If you're an employer and think you might be able to settle a claim under the Fair Labor Standards Act on your own, think again.
A recent decision from the U.S. Court of Appeals for the Eleventh Circuit – which hears appeals from federal courts in Alabama, Florida, and Georgia – provides a timely warning to "do-it-yourselfers." As the Court said, "[The parties] attempted to settle the litigation without the advice and assistance of attorneys, which only led to the involvement of more attorneys and more litigation."
Candace Nall worked as a front desk clerk and night auditor at a motel. For the first four months Nall used a time clock to keep track of her hours worked, but later the owner of the motel told her to stop using the time clock and said that he would pay her a "salary" of $8.75 per hour. Nall then started verbally reporting her hours to the owner. There were no accurate written records of the hours that Nall actually worked.
Nall claimed that she "periodically" worked more than 40 hours per week but was not paid overtime, which violated the FLSA. Based on the guest registry, Nall figured that she was owed at least $3,780 in unpaid overtime. Any employer who is found to have violated the FLSA is liable to the employee or employees affected in the amount of their unpaid overtime compensation plus the same amount again as liquidated damages, meaning that the employer's total potential exposure was at least $7,560.
Nall quit her job and hired an attorney, who filed an FLSA lawsuit on her behalf against the owner individually and the motel. The owner, without the assistance of an attorney, filed an answer for himself and for the motel. (The court entered default against the motel because, as a non-attorney, the owner could not represent the motel although he could represent himself. The motel had to hire an attorney to get the default set aside.)
In May 2010, still acting without an attorney, the owner called Nall about settling her lawsuit. The two of them agreed to meet at the motel. The owner told Nall not to bring her attorney, and she didn't. When the two of them met and talked, the owner told Nall that she was "ruining his business" and that it would be better for him if she would settle the case. He presented her with two documents to sign and offered her a check for $1,000 plus $1,000-$2,000 in cash if she agreed to sign the two documents and dismiss her lawsuit. In other words, the offer did not include her liquidated damages and may not have included her full back pay. Nall said that she felt she was being pressured, but she agreed to sign the two documents because she trusted the owner and she "was homeless at the time and needed money."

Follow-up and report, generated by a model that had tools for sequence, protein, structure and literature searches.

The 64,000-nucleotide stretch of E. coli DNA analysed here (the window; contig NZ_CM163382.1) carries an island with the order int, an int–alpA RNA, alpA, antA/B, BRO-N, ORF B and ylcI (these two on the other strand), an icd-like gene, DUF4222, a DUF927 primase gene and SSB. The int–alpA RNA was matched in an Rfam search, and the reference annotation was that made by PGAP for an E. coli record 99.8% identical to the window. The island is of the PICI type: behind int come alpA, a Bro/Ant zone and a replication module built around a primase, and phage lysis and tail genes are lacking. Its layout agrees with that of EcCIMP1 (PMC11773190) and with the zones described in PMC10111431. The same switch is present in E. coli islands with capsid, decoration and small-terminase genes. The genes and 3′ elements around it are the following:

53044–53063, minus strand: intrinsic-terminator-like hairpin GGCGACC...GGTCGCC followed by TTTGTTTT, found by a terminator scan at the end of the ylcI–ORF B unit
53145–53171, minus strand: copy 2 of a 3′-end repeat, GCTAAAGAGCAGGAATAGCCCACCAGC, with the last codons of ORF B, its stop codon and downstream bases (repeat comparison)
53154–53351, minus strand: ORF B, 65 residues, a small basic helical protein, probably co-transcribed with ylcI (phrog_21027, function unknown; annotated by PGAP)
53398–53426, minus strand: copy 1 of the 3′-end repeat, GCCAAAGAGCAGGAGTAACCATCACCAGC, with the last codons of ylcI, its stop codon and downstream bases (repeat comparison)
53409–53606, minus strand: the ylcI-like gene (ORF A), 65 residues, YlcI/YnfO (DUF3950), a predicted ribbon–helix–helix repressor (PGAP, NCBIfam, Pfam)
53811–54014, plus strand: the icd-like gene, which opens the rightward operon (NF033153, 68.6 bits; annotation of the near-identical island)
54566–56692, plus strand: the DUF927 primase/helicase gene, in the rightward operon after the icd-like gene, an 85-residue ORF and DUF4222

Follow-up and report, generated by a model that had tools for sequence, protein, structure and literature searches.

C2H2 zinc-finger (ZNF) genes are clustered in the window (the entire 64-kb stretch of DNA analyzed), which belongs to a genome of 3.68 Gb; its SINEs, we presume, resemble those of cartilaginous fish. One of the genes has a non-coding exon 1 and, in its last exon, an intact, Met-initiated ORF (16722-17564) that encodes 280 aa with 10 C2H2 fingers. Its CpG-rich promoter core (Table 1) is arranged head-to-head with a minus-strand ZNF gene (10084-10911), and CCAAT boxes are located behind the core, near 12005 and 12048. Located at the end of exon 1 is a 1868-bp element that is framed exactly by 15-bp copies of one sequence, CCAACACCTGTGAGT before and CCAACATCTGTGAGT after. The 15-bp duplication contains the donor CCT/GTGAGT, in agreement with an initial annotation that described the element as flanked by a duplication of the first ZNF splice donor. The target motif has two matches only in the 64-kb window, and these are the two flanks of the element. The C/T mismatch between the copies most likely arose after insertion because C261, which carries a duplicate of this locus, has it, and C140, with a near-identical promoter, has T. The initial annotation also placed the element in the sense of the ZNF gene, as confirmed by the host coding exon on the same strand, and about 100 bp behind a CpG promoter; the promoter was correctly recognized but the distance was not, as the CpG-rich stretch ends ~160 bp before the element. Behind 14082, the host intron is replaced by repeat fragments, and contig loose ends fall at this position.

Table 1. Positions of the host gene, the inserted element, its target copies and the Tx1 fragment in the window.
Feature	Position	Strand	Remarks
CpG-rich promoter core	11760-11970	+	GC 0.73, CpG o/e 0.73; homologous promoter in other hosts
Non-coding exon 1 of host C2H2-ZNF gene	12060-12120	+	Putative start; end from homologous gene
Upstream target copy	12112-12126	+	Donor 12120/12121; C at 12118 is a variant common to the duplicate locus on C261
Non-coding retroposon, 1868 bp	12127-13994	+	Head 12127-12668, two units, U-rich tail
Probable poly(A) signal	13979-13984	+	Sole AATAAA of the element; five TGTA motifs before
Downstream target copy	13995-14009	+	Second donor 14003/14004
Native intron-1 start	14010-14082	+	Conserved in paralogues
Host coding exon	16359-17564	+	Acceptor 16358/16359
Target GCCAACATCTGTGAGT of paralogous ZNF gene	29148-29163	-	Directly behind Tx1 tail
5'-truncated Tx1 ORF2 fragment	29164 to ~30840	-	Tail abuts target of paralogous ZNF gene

What Nall had signed was a voluntary dismissal of her lawsuit "with prejudice" (meaning it could never be re-filed) and a letter to her attorney informing him that the case had been settled. There was no written settlement agreement.
The district court initially rejected the settlement because Nall's attorney had not been involved, but the defendants, who were now represented by an attorney, moved to enforce the "deal." The district court then approved the settlement, and Nall appealed to the 11th Circuit. The appeals court reversed, finding that the lower court had erred in approving the deal because it was not a "stipulated judgment" as required in the 11th Circuit case of Lynn's Food Stores v. United States.
In Lynn's Food Stores, the court had held that an FLSA claim could be settled in only one of two ways: (1) under the supervision of the U.S. Department of Labor, or (2) pursuant to a "stipulated judgment" entered by the court after a proposed settlement is presented by both parties. The rationale behind the rule is to prevent employers from taking undue advantage of their superior bargaining power.
In the Nall case, the fatal flaw was that Nall herself opposed the settlement. As the 11th Circuit noted, "it takes two (or more) to stipulate, and a judgment to which one side objects is not a stipulated one. . . .When a plaintiff's attorney asks the district court to reject a settlement agreement that was reached without the attorney's knowledge or participation, whatever else the judgment approving the agreement may be, it is not a 'stipulated judgment' within the meaning of Lynn's Food."
Common Sense Counsel: Trying to settle an FLSA case on your own is like doing your own plumbing: when things go wrong, your entire home or business can be ruined. Wage and Hour law is the same. Innovative pay plans, poor recordkeeping, working off the clock, and misclassification can all be costly and are completely avoidable. With the FLSA, "self-help" to resolve a claim is simply not a good option.